• Keep it clean. Any dust or dirt that is on a surface of the shop might get into the paint.
  • Silicone and oil are the enemies of paint. Never spray things like WD40 or tire shine in or around your shop while there’s any kind of bodywork or paint going on. One time a friend was spraying tire shine outside my shop. It drifted in through the door and landed on the surface of the car and ruined the paint! Think of your shop as a “silicone-free” zone from the start of bodywork until the last coat of clear is sprayed.
  • Don’t cheap-out when it comes to bodywork and paint products. You don’t have to use the most expensive products, but do the research and find good-quality products to use. Your paintjob is only as good as the products used.
  • Make sure to invest in several disposable paint suits with hoods. Wear one when priming to protect you from the paint. Save the other for the base and clearcoat. Most of the dust that will get into a paintjob will come from the painter.
  • Wear the proper respirator and keep it in a zipped plastic bag when not using it.
  • To save your hands, pick up a box of Nitrile gloves. Use them whenever you are using chemicals like thinner, and mixing or spraying paint. I even wear them when doing bodywork to save my hands and to keep oil from my hands from getting on the paint surface.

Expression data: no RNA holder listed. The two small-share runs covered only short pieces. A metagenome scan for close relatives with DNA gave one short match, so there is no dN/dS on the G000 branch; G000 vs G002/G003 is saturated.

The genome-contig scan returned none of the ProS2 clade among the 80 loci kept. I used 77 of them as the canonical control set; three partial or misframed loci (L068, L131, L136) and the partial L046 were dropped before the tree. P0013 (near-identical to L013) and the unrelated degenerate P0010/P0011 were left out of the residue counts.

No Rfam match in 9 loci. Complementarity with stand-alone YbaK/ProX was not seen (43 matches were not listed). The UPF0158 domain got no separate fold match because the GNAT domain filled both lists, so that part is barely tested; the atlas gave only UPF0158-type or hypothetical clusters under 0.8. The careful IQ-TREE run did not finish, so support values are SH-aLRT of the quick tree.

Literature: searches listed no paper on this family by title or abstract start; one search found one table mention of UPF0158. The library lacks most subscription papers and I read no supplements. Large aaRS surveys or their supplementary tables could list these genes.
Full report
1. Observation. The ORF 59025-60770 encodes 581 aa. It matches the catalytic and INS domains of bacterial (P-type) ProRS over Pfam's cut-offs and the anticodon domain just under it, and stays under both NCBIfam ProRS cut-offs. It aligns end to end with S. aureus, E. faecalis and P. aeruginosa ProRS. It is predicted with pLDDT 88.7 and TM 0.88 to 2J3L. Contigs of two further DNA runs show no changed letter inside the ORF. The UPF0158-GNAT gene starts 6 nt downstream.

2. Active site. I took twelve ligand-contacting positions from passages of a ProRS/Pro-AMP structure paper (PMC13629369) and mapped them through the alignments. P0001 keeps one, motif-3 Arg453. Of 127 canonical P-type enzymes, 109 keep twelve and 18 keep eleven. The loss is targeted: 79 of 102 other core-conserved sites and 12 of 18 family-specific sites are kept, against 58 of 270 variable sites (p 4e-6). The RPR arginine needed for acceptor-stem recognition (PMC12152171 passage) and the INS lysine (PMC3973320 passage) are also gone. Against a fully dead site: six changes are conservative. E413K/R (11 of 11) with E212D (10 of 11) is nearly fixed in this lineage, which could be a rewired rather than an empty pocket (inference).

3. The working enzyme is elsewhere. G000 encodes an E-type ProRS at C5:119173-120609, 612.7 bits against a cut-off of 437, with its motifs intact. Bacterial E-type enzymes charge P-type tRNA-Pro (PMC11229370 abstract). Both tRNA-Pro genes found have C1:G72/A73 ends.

• Be aware of any HOA or zoning rules in your area about painting at home. The last thing you want to see is a town official pulling up because your neighbor complained about paint fumes coming from your garage.

Chances are those plastic curtain-walls will be up for a while. You’re going to get tired of them. I sure did. The paint process for the Firebird lasted two weeks, as I had to paint Real Fire flames on the car. A quick solution was to take down the curtain wall on the side of the garage that had the toolboxes and work bench, leaving the plastic hanging on the ceiling and the other three sides. Once the artwork was complete, it was easy to hang up a new curtain wall on that one side and clearcoat over the artwork, finishing the paint process.

Now that your shop is ready for bodywork and paint, always remember the best tool in the shop is common sense. Think your way through the process. The bodywork and paint phase of a car build is not the time to be impatient or spontaneous. Good Luck with all your painting projects!

About the author

JoAnn Bortles

JoAnn Bortles is an award winning custom automotive painter, airbrush artist, certified welder/fabricator, author, and photo journalist with over 30 years of experience in the automotive industry.